Paradiset is Sweden’s biggest food chain for organic and natural products, with stores on Regeringsgatan, Brännkyrkagatan and another one opening at the end of November. Founder Johannes Cullberg wants to prove that organic boutiques are not necessarily more expensive than the big chains, so we met him to talk about it.
So what got you initially interested in organic and ecological food and how did that grow into Paradiset?
It was when I had kids that I really started thinking about what I was eating, and what we were going to feed to the kids. That was maybe five years ago. I got frustrated because I couldn’t find any good places to shop. In Sweden we have a very strange market, there are three big players basically. ICA has 51% of the market, COOP with maybe 20% and Axfood with 15% or something. So three players have almost 90% of the market, and they all look and feel the same – boring. So I got frustrated. I had established Lidl in Norway before, which a range of about twenty-five stores, so I had done it [established supermarkets] before. But Lidl and I don’t really share the same values, so I left after a while.
Part of your philosophy is that you want to make organic food more fairly priced and available, and you had a study commissioned which showed that you’re cheaper than the major supermarkets when it comes to organic food. So do you think there’s a perception and prejudice against organic food, that it’s expensive and out of reach for most people?
Yeah, definitely. The problem is that we’ve grown accustomed to the idea that food should be inexpensive. But what you put in your body is very important, and to save on that is stupid because you’re going to pay for it later on. There’s never a free lunch. So if we buy the really cheap chicken or the really cheap pork, someone is going to pay. It’s either going to be you, because you’re getting the medication that they feed the chicken with, or the environment from growing the soy beans in Brazil (to feed the animals) or the workers who get poisoned from the pesticides. Someone always has to pay the price. So what we’re trying to do is show that premium doesn’t have to mean a golden crust. It’s going to be more expensive than Lidl, but we want everybody to be able to afford it. It shouldn’t be your wallet that decides if you can shop at our place. When it comes to ICA and COOP, we should definitely match their prices. And in addition to that it should be a nice environment, with staff that are knowledgeable, and just a place you want to hang out, meet your friends and have a beer. It’s important to socialise and drink a glass of wine, because we’re not health fascists, we sell candy and potato chips too, but good ones with good fats.
And you’ve got the café/hangout area here too, is that an attempt to distinguish yourselves from the aisle panic of the standard supermarket?
Yeah, aisle panic, that’s a good phrase. One of the things that made me decide to do this was that I hated the shopping experience so much in my local ICA store. I started to time my visits and I eventually got mine down to thirty-seven minutes, so we did the whole week’s shopping in that time. But then they rearranged everything and my time went back to over an hour, and I just flipped. So you don’t want to have a feeling where the customers and counting down the minutes until they can get out, you want to instead create the feeling where people say ‘Hey, let me do the shopping today’. So you want to create a nice experience, where people can have a burger or a beer and then shop.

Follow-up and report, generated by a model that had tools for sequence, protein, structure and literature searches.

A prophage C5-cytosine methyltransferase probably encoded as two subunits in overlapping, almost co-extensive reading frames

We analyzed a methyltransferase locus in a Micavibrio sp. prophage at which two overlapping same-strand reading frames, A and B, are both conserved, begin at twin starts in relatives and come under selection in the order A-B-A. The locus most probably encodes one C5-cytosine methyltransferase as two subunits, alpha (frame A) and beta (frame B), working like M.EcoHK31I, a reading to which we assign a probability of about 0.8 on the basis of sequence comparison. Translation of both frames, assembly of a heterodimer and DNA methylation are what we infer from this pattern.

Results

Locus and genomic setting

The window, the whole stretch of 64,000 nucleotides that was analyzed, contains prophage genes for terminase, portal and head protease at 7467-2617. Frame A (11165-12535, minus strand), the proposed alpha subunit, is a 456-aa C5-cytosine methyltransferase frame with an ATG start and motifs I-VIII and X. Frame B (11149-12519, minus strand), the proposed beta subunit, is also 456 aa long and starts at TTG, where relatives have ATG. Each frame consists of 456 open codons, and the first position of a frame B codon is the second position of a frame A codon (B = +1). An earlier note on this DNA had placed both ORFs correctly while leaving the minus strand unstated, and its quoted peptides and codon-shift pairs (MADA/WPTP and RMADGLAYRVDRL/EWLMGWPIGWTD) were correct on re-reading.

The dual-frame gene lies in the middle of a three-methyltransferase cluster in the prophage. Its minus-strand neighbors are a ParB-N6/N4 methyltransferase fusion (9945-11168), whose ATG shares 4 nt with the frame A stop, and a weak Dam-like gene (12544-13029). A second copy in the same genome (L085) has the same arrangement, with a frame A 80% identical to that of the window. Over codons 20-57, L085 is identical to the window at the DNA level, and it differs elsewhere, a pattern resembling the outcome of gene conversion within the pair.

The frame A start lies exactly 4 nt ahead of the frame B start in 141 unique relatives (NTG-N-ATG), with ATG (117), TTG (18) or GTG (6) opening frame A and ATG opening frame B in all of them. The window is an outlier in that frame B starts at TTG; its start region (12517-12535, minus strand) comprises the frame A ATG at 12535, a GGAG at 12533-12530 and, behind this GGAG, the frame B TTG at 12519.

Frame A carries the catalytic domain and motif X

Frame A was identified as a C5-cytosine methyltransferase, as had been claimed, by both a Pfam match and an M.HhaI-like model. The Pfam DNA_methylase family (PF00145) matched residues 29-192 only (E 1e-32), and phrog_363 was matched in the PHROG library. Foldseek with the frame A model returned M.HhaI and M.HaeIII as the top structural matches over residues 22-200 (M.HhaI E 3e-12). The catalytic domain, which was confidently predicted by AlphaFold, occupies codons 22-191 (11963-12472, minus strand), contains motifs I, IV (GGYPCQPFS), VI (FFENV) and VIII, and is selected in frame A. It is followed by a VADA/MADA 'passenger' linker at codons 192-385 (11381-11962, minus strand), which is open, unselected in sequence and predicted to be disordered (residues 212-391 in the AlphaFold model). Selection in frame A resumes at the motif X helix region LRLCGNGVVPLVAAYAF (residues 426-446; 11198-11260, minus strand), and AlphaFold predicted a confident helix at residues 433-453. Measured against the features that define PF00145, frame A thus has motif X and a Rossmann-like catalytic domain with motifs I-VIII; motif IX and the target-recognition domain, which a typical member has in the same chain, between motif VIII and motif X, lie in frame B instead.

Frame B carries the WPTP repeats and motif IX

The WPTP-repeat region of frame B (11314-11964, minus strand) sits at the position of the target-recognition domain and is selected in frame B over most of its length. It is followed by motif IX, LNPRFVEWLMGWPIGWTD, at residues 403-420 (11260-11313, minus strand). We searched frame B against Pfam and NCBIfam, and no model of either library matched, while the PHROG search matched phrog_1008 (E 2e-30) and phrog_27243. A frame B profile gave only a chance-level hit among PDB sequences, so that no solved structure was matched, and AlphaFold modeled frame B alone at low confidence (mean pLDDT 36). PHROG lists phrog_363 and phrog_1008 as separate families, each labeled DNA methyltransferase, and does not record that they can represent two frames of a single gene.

In addition to just selling food and products, you also offer education and lectures, so can you tell us a little about those?
We’re just beginning in that area. That’s the part that will probably grow the most in the coming year. Knowledge is the key in getting people to understand why they should, pay more for an organic chicken, for example. So knowledge is the main thing. We need to educate the ‘light green’ population as we call them, who may not be totally convinced that they ought to spend a little more on organic products. So we’ll have people coming into the stores for lectures, for inspirational talks. We’re going to start working with our social media for filming talks with me, my version of TED talks. I’m going to be doing interviews with guests and so on. We’re going to build a loyalty program based on knowledge, where you get rewards for learning more. It’s a cool thing I think, the gamification of knowledge.
So what kind of products are you selling here that people might not expect? When people think organic they obviously think of fruit or vegetables or stuff like this. But you also have shampoo and these products too.
Yeah, our customers are obviously into healthy living. They care about getting supplement and reliable skincare products, or toothbrushes where a tree is planted for every toothbrush sold. All of our products have a small perk and help towards a sustainable planet. That’s something you will probably not find in other stores and we love it.
On Friday there will be a Harvest Party at Paradiset Söder, where Paradiset’s suppliers and farmers will be in store and there will be special tastings and offers for guests. For more details check out the Facebook event.